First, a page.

6 FEBRUARY 1988, Page 44


Rand and rand the garden

Auberon Waugh

Iam sorry to offer four whites and only two reds in the chilly month of February, but I was aiming, in my second all-African offer, to find value for money, and out of 26 wines tasted only two reds came out on top. Good cheap whites are much harder to find, in any case, and we would do well to reflect that the hounds of spring are on winter's traces.

The Alphen Barraque(1) won high praise for its unusual taste — honey and grapefruit. It is more of an aperitif wine than anything else, medium sweet with a dry finish. Hard to fit into the ordinary spectrum of wine experience, it is obvious- ly composed of many different grape varietals, and serves as a splendid adver- tisement for the blenders' art. Alphen was a historic property in Constantia, don't you know, until its owners, the Bairnfather- Cloetes moved their operation to Stellen- bosch. Now Gilbeys run it. I can keep this up for ever, but the wine is unusual and rather delicious. At £2.83 it is something of a revelation, although I can think of no other wine with which to compare it.

The inelegantly named Ti 39 Grand Prix 1987(2) comes — would you believe it? from the ancient Tweejonge Gezellen estate at Tulbagh, where the Krone family have been making wine for 275 years. They pioneered cold fermentation and now, in their little Van Oorsprong micro-climate within that sweltering area, harvest their grapes by night. This must require particu- lar organisational ability where the pickers are all black, although tremendously well paid. Right. This is a dry white wine with a distinct well-defined taste of which the predominant aspect is dry muscat. It is pale, with a little spitz, crisp and more elegant than the Alphen'), if less unusual. At £2.83 it is less of a revelation, more of a straightforward bargain. The equivalent from Alsace would cost at least £4.50.

Now a slight price increase. This Buiten Blanc(3), from the original Constantia estate of Buitenverwachting, was praised for its pear-drop taste and slight fizziness. I am aware that these are unappealing de- scriptions for wine; especially where these slightly suspect, colonial wines are con- cerned, they are liable to cause eyebrows to raise and lips to curl. The fact that they are all good wine experiences must be taken as read. I am merely trying to distinguish them from other wines when, for instance, I describe this Buiten Blanc, at £3.75 the bottle, as a good chewy cocktail: sauvignon and chenin blanc and honey and spritz. Everybody liked it. The 1986 Buiten Sauvignon Blanc(4) at the huge price (for colonial wine) of £4.58 was more contentious. I found it, for a dry wine, 'full, rich', 'sweet', 'very colonial, with an underlay of honey'. Another found it had a 'strong lingering taste reminiscent of leaf mould, but great'. All thought it a positive wine, one found it firm but too coarse, rough for the price. My older son observed that it cleaned his teeth, leaving no plaque. Despite these comments, and despite the price, it ended scoring very high marks.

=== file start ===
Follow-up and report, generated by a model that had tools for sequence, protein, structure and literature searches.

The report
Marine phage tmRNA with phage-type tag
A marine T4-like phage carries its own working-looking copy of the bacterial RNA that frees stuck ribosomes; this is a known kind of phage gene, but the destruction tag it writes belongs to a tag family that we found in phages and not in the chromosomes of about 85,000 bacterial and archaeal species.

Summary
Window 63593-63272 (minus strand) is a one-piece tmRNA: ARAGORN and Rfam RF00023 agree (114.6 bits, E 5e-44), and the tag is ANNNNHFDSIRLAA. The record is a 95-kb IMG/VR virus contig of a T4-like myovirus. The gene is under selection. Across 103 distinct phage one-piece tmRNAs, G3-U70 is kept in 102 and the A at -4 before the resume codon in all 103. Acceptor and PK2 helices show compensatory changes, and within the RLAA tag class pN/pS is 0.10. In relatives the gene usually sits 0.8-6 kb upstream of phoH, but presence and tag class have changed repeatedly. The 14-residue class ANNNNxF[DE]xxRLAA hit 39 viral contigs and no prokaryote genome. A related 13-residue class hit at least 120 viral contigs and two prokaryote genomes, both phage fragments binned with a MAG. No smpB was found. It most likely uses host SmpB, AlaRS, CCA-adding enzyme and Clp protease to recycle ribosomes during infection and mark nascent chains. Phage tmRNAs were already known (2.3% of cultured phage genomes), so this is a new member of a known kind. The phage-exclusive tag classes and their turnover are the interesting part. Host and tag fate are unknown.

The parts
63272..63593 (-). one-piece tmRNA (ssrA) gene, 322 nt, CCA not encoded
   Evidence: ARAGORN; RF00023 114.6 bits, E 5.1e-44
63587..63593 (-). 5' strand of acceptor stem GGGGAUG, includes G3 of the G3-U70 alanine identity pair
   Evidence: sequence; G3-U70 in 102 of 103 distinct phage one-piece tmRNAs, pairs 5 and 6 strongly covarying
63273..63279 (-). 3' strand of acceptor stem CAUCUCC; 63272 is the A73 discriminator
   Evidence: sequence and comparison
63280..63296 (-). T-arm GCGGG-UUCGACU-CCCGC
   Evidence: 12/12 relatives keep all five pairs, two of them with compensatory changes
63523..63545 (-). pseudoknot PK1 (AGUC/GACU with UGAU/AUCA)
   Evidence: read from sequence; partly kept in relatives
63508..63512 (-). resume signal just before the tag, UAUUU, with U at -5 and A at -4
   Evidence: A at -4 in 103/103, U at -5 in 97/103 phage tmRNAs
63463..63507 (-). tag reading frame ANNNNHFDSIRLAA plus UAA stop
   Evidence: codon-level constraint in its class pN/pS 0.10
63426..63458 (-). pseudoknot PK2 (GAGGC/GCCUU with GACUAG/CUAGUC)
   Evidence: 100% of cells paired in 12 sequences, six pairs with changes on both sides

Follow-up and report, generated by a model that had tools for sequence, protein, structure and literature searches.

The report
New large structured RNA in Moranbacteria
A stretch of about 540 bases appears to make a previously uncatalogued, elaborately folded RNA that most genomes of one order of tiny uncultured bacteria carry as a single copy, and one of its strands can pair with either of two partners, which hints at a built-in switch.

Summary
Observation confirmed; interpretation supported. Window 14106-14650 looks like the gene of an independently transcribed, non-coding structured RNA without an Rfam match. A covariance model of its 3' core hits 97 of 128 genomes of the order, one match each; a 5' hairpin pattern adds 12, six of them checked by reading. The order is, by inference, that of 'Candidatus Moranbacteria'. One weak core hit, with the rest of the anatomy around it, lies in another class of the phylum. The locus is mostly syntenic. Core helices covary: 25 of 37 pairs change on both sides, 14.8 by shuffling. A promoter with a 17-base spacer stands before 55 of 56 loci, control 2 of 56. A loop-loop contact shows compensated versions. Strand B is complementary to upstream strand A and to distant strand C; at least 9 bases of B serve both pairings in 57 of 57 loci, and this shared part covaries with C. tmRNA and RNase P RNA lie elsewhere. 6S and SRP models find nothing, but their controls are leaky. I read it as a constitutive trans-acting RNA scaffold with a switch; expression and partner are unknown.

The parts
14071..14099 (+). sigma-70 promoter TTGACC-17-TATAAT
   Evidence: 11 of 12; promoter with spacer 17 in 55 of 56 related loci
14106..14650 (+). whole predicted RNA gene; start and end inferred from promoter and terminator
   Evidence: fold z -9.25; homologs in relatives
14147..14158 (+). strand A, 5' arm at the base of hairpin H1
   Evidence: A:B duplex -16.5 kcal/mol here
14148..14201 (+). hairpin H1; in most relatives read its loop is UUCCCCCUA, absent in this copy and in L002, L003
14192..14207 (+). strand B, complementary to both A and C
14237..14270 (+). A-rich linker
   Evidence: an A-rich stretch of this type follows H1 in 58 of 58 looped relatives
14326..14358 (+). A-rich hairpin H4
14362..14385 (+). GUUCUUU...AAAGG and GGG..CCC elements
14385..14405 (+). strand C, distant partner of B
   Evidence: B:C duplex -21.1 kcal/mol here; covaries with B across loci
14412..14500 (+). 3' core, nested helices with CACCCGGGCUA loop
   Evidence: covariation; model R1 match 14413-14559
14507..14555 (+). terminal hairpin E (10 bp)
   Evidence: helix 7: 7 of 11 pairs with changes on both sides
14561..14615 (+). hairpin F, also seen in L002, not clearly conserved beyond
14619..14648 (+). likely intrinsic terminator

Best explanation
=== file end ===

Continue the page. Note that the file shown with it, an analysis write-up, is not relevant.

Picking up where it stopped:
Now for the two reds, both of which strike me as seriously good buys at £2.83, with the Vredenburg Shiraz 1981(5) better attuned to my own notoriously lush taste. My notes read: 'could have come from Crozes Hermitage: thick and soft and recognisable. Really rich Crozes with a merlot smell.' There was a general chorus of approval, although others compared it more to Australian shiraz. I do not think I could point even to an Australian red wine which was as full and smooth as this for under £3.50.

The Vredenburg Stellenrood(66, another Gilbey blend of mixed grapes, mixed years, has a more floral taste and a lighter finish. If it were even a penny cheaper than the Shiraz that might be a good reason to go for it in preference, but as it is exactly the same price, I can recommend it best for those who instinctively avoid the lush in wines of this price and want an uncompli- cated slurping wine at £2.83 which they can drink in large quantities. Generally, this is sound advice, but I still think that the 1981 Shiraz is the better wine with food.

Once again, the sample case of two bottles of each affords punters an oppor- tunity to try the wines out before commit- ting themselves. I give a formal closing date for the offer, but have the impression that Sablehand have adequate stocks and might be prepared to go on fulfilling second and third orders almost indefinite- ly, at any rate until the pound collapses or the rand recovers.